Antique Tools Are Modern Made
Toolmakers reproduce 18th-century handsaws, plans, and marking tools for the historic trade shops at Colonial Williamsburg.
WILLIAMSBURG, VA–George Wilson and John Laubach might be the only craftsman associated with the Colonial Williamsburg foundation who don’t limit themselves to using 18th-century technologies. In fact, they do just the opposite.
Working away in their machine shop located outside of the historic grounds at the living history museum, Wilson and Laubach use modern machines and inginuity to produce all of the tools used by the more than 70 craftsman that practice 18th century woodworking here–everything from folding rules to panel saws.
Working behind the scenes. John Laubach (left) and George Wilson (right) produce all of the reproduction hand tools used by the cabinetmakers, musical instrument makers, and joiners at Colonial Williamsburg.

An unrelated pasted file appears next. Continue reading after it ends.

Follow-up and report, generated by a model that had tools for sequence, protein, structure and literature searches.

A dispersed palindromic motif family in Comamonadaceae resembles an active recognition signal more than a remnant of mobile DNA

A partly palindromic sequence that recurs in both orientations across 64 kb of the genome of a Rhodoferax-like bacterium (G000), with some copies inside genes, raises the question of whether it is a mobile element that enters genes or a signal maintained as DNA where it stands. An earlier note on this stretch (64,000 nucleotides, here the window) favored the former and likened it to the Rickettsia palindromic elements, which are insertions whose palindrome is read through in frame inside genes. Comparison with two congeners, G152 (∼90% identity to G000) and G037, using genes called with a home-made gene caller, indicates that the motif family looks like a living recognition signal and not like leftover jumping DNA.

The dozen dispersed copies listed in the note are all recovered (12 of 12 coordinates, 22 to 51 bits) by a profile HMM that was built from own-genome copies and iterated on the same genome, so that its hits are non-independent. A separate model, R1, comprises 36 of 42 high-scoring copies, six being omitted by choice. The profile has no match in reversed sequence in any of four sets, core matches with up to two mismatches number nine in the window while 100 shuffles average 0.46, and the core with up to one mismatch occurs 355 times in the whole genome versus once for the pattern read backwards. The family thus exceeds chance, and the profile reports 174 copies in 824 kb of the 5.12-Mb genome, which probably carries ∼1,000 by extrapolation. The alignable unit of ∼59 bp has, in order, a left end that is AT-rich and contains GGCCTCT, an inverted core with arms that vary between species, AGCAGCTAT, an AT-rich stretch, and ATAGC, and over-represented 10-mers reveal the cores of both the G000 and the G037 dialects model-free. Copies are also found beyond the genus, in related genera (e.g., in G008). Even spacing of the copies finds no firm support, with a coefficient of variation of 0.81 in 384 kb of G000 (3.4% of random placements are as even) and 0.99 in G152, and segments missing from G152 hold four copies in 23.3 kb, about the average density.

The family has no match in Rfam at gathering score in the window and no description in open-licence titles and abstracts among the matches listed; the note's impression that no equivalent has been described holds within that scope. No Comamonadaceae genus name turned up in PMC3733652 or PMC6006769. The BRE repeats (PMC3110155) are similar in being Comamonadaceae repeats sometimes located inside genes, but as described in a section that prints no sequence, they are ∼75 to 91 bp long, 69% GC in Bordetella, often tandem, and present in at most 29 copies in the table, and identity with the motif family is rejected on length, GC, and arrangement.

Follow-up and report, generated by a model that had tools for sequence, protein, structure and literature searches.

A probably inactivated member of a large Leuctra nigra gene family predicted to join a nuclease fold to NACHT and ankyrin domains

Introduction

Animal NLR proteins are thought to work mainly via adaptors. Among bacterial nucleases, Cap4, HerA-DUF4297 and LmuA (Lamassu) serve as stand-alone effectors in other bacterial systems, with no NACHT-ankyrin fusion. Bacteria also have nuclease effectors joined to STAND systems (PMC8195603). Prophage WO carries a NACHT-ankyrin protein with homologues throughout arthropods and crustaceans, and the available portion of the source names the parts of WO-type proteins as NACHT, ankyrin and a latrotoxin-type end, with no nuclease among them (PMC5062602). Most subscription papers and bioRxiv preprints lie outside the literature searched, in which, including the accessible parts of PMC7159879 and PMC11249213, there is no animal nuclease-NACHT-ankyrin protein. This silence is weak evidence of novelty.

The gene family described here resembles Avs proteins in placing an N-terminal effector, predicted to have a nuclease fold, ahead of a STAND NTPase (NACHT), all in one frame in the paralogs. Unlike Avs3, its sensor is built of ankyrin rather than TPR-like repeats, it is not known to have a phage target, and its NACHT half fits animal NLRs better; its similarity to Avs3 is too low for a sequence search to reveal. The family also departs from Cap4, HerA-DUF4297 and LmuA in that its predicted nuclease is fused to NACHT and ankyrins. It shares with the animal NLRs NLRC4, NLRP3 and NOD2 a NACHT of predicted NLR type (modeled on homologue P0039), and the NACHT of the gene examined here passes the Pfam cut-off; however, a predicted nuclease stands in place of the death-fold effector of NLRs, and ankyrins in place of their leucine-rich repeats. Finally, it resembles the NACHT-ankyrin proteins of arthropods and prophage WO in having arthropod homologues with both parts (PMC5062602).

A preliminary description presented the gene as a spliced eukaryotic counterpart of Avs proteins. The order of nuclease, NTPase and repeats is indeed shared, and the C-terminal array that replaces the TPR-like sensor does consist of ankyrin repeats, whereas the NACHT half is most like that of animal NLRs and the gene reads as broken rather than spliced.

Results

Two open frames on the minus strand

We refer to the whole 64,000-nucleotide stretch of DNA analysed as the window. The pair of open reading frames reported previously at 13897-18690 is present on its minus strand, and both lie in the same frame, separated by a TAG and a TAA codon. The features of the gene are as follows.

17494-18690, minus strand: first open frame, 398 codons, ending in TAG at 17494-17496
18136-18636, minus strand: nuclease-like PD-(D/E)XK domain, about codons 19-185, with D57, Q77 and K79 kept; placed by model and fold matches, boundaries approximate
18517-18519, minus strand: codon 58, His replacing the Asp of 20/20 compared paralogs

Made to look old
Known for doing things the 18th-century way, the craftsman who work in the historic trade shops at Colonial Williamsburg use tools that look and act just like those put to use more than 250 years ago.
However, while they look authentic, the methods used to produce each tool are not. Wilson has built and refurbished a collection of machine-shop equipment to do much of the work that was traditionally done by hand. This includes everything from stamping out the teeth on a hand saw to milling the mouth on a coffin plane.
Tools are true to form. Wilson and Laubach embed the date and maker’s mark into each tool.
Generally speaking we have to make about 70 of every tool week make,” Wilson said. “Of course, we have to employ modern methods to make these, but when we’re finished they look just like original antiques. We don’t leave machine marks on them, we hand plane them–whatever’s necessary to put authentic surfaces on them.”
Because the tools look so authentic, each one is engraved with a date and a maker’s mark to ensure that it doesn’t show up in an antique store a few years from now.
For more information about tools and woodworking at Colonial Williamsburg, go online to www.history.org.
Photos: Gary Junken